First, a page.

Economy Minister Naftali Bennett dismissed on Thursday the prospect of an economic boycott of Israel, warning that the formation of a Palestinian state would have dire consequences for Israel’s economy, and vowing that no foreign force would ever be allowed to protect the country.
Bennett, the leader of the national religious Jewish Home party, posited in an interview with Army Radio that the strength of Israel’s economy was based on security, and predicted that a Palestinian state would become a staging ground for terror attacks that would cripple trade.
“I declare that establishing a Palestinian state in the heart of the country will pulverize the Israeli economy,” Bennett said. “After all, it only takes one rocket to hit once in one [airport] terminal, and that will be the end of the economy.”
The minister warned that the geographic location of a future Palestine, pressed up against Israel’s heartland, posed too great a threat.
“The principle is very simple: When there is security in Israel the economy flourishes,” he said. “The conditions for a vibrant economy are quiet and security, and we will not get that by setting up a Palestinian state, a terror state, in the heart of the country.”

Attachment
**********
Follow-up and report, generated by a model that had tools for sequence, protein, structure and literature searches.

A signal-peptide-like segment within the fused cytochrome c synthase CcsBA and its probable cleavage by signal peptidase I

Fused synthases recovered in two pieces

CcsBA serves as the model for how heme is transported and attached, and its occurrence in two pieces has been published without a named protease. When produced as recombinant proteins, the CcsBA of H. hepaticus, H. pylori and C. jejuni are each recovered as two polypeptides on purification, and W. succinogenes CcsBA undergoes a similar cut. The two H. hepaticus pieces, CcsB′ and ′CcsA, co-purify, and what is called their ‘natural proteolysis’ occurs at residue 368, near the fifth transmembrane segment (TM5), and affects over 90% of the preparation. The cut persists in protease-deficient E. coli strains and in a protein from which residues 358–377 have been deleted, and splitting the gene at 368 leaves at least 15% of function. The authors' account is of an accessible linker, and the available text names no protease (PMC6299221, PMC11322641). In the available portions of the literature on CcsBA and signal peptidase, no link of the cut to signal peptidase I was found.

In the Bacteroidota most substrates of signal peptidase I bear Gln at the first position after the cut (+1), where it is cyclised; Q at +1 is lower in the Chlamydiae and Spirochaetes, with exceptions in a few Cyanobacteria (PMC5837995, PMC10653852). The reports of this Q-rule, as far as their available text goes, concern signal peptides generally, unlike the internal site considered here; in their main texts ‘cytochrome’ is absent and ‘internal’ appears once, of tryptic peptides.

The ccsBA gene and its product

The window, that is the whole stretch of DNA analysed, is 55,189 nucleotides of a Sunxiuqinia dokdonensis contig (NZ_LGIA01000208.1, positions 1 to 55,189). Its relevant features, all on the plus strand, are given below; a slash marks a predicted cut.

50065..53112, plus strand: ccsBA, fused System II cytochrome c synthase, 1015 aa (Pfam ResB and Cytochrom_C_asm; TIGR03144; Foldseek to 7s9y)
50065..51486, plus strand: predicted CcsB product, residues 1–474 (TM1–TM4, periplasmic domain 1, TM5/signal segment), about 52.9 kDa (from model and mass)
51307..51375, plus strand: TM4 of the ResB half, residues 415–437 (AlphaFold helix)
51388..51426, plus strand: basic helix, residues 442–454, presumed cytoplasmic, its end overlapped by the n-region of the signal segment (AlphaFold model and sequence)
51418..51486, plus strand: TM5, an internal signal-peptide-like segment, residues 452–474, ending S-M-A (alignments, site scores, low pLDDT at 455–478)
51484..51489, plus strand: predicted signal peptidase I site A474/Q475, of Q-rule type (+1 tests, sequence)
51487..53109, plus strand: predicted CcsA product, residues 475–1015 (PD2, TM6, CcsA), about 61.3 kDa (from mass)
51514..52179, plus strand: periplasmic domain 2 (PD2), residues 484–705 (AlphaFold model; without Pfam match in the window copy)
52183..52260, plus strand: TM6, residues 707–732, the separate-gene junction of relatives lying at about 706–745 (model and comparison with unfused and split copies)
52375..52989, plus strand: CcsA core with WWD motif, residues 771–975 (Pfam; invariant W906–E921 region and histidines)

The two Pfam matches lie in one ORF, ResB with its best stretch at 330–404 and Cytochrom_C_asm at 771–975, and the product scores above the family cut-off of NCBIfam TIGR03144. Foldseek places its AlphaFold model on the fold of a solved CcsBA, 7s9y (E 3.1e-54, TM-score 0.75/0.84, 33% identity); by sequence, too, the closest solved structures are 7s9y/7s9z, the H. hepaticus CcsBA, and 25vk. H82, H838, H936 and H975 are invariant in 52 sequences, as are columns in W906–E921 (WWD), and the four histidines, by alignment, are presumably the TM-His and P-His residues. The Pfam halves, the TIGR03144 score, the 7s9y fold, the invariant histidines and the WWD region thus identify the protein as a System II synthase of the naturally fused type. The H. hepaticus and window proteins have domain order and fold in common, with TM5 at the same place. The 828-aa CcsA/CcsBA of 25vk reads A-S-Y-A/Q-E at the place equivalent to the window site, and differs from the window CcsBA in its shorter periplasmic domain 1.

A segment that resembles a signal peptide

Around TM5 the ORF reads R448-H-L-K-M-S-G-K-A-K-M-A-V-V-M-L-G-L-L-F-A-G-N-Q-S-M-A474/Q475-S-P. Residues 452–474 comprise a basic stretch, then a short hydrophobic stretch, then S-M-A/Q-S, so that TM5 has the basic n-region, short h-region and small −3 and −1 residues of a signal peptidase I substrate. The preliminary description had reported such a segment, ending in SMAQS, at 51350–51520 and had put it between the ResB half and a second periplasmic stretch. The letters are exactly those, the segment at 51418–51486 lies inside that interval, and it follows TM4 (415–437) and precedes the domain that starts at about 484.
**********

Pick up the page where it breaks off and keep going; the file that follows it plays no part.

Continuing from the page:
Bennett also reiterated his absolute opposition to the suggestion — recently put forth by a source in the Prime Minister’s Office in a comment to The Times of Israel — that residents of Jewish settlements in the West Bank could remain living in their homes within the borders of future Palestinian state following a peace deal.
“We will fight with all our might against the idea of abandoning hundreds of thousands of Israeli to be under Palestinian rule, for the simple reason that they won’t protect the Israelis,” he said.
The PMO official’s comment about leaving settlers in place within a future Palestinian state almost caused a coalition crisis last week.
Bennett also rejected the idea of a NATO force being deployed to police the Jordan Valley border area.
“We will never ever allow any foreigner, not NATO forces, not the Palestinians, to protect us,” he declared. “Only the IDF.”
Palestinian Authority President Mahmoud Abbas recently stated he would agree to a NATO force in the Jordan Valley as a way of assuaging Israeli fears that the potentially porous border between Jordan and a future Palestinian state would allow the transfer of weapons and terror activists.
Abbas also said that the IDF could patrol the border areas for up to three years after the signing of a peace treaty. He later told The New York Times a withdrawal over five years would be acceptable too.